>A few years back I took a philosophy course in which I learned of a certain philosopher (I can’t remember his name) who claimed that everyone was selfish; it is human nature; there are no unselfish acts. His theory was that even the most innocent, seemingly unselfish acts have a selfish motive behind them. Now, before I began my ramblings please understand that I do not believe in this philosophy; I certainly hope I do not because it is a very cynical way of thinking. I am merely repeating what I learned in class and attempting to apply it to real life. With that being said; you should understand that I am typically an optimistic person and I have, on occasion, been accused of being too trusting when dealing with “repeat trust offenders”.
Anyway, back to my ramblings. This particular philosopher insisted that everyone is looking out for themselves and every seemingly unselfish action benefits the person in some way; at some level. For instance, if “Joe” helps a friend move, is it possible that in the back of Joe’s mind he is hoping that his friend will help him when it comes time for Joe to move? What about volunteering time for Habitat for Humanity or some other charity organization, is it possible that the volunteers are trying to prove to others that they are good people? Selfishness can even come in the form of making yourself feel better or relieving guilt. If I give $1 to a homeless man maybe I will feel less guilty while I eat lobster tail and watch him shivering in the cold from the restaurant window. As I stated above, this is a very cynical way of thinking. Basically this theory states that there is no such thing as a “good” person. When I originally studied this theory I thought to myself “geez, this guy must have had a terrible life, I bet he had no friends because he didn’t trust them”. It has been a couple years since the course and in that time I have thought of this theory a few times, usually when someone I trusted has let me down, but also times like today when I was asked a favor and agreed to do it with no hesitation. Did I benefit at all? No! Will I be able to call in a favor if needed? Eh, only if it convenient for them. So, my question is… why did I do it. If everyone is selfish, why did I jump up and run out the door to help someone when I knew that it wasn’t convenient?
OK, here is some background for you. I come from a big family. There is not a single point in time that I can remember when everyone (brothers, step-brothers, aunts, uncles, cousins and parents) was getting along. We are a giant real life soap opera. Someone is always mad at someone. Everyone talks behind everyone’s backs, rumors fly, feelings are hurt and drama is a daily thing. I hate it; I hate when people are arguing and I hate it even more when someone is mad at me… so I try like hell to make everyone happy. If someone needs a favor, I help; if someone needs to vent, I listen; if someone needs a place to stay; my door is always open. This has caused some disagreements between my husband and I because he says that I am too forgiving, that I help too much (typically he’s talking about financial help). I understand where he is coming from, we have our own family, my three sons are my priority and I have to stop “babying” my grown family. The problem is that even though I know he is right, I can’t help it. Today I received a phone call to come pick up a family member (30 minutes away) and let them borrow my husband’s car (since he isn’t here to need it) because they had lent their car to another family member. I jumped up from my half-drank coffee and hauled my butt into my truck and picked them up. The problem was that I knew my husband would be furious when he found out that I lent his car out, so I offered to drive them to their destination (2 hours away), knowing full well that I had to prepare for my son’s concert tonight in which he will be playing “Go Tell Aunt Rhody” on the viola as a solo. Why would I do that? Why would I offer that? Well, nobody else in the family would be able to help, so I’m all they had. As it turns out the concert is still on and all I have to do is drive another family member to and from work until the car is back on the road. That in itself is a hassle, but I don’t mind… someone needs my help and I can give it.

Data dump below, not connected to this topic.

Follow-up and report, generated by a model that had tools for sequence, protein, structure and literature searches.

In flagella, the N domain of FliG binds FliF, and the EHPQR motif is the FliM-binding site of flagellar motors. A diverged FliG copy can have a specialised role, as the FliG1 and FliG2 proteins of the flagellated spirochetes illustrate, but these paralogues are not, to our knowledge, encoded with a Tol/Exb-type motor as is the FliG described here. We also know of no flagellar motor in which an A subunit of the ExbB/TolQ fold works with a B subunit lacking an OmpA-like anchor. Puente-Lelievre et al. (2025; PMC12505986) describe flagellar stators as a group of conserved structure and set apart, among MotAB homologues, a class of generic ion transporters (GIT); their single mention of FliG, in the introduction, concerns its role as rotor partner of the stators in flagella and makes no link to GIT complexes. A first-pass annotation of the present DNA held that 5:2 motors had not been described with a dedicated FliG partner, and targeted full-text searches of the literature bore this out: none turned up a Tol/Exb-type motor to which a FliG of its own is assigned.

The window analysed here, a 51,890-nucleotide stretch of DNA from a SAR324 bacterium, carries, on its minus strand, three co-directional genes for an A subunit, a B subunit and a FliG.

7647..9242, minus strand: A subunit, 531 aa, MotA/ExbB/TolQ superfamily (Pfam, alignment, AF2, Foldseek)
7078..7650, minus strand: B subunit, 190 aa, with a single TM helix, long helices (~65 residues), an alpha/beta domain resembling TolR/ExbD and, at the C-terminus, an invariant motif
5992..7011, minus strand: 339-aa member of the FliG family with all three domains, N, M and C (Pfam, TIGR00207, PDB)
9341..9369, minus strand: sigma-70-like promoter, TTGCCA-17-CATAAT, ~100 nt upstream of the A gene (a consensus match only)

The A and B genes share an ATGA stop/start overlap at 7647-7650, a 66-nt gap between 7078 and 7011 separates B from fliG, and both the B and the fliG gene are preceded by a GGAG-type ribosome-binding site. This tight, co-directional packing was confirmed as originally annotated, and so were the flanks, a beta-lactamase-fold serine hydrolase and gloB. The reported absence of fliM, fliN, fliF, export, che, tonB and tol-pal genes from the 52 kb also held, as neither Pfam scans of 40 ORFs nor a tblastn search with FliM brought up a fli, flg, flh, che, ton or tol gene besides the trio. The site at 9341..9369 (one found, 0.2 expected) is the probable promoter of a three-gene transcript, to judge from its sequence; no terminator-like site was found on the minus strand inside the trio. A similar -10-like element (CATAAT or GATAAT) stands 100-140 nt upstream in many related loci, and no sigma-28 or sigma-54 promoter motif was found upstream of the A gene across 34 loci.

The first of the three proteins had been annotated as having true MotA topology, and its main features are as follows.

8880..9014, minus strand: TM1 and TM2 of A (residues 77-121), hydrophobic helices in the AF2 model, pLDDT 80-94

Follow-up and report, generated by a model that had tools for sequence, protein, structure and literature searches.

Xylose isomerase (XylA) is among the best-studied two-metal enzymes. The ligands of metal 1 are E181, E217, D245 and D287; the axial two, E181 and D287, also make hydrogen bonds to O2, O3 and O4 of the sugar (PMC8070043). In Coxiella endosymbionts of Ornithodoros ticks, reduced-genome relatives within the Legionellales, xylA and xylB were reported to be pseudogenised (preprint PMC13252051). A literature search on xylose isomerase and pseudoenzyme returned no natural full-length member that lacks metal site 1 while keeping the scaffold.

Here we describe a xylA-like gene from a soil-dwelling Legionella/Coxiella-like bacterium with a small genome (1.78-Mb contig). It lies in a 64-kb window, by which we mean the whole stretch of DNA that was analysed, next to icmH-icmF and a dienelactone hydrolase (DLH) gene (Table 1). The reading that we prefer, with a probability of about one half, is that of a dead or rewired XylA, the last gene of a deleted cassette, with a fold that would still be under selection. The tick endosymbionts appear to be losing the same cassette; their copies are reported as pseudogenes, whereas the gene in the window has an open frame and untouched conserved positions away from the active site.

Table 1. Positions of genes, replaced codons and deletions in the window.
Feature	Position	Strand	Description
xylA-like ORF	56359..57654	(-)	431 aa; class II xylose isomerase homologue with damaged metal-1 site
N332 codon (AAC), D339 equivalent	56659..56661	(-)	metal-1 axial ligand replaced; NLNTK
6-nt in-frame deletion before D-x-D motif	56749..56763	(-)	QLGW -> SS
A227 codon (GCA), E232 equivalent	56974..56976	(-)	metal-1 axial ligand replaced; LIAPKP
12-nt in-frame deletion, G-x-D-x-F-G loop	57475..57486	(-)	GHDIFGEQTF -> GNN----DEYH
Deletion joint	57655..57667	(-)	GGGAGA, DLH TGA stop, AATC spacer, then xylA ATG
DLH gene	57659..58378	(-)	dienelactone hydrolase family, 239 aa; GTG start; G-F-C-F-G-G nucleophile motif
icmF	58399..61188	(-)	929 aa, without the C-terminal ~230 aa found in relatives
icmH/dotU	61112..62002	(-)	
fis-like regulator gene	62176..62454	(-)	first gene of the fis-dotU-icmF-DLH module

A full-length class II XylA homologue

So, here’s what I’m thinking. If this philosopher is right, my selfishness comes from a desire to feel loved and needed. If he’s wrong then maybe I really am a good person. Hmmmmmm, something to ponder. I’m going to vote for the “good person” option, because I refuse to admit that I am selfish.
Anyway, sorry for the lengthy blog, I just needed to vent and I selfishly (hehehe) used my blog to make myself feel better. So, if you are still reading, thanks, and sorry to have taken up half your day, lol.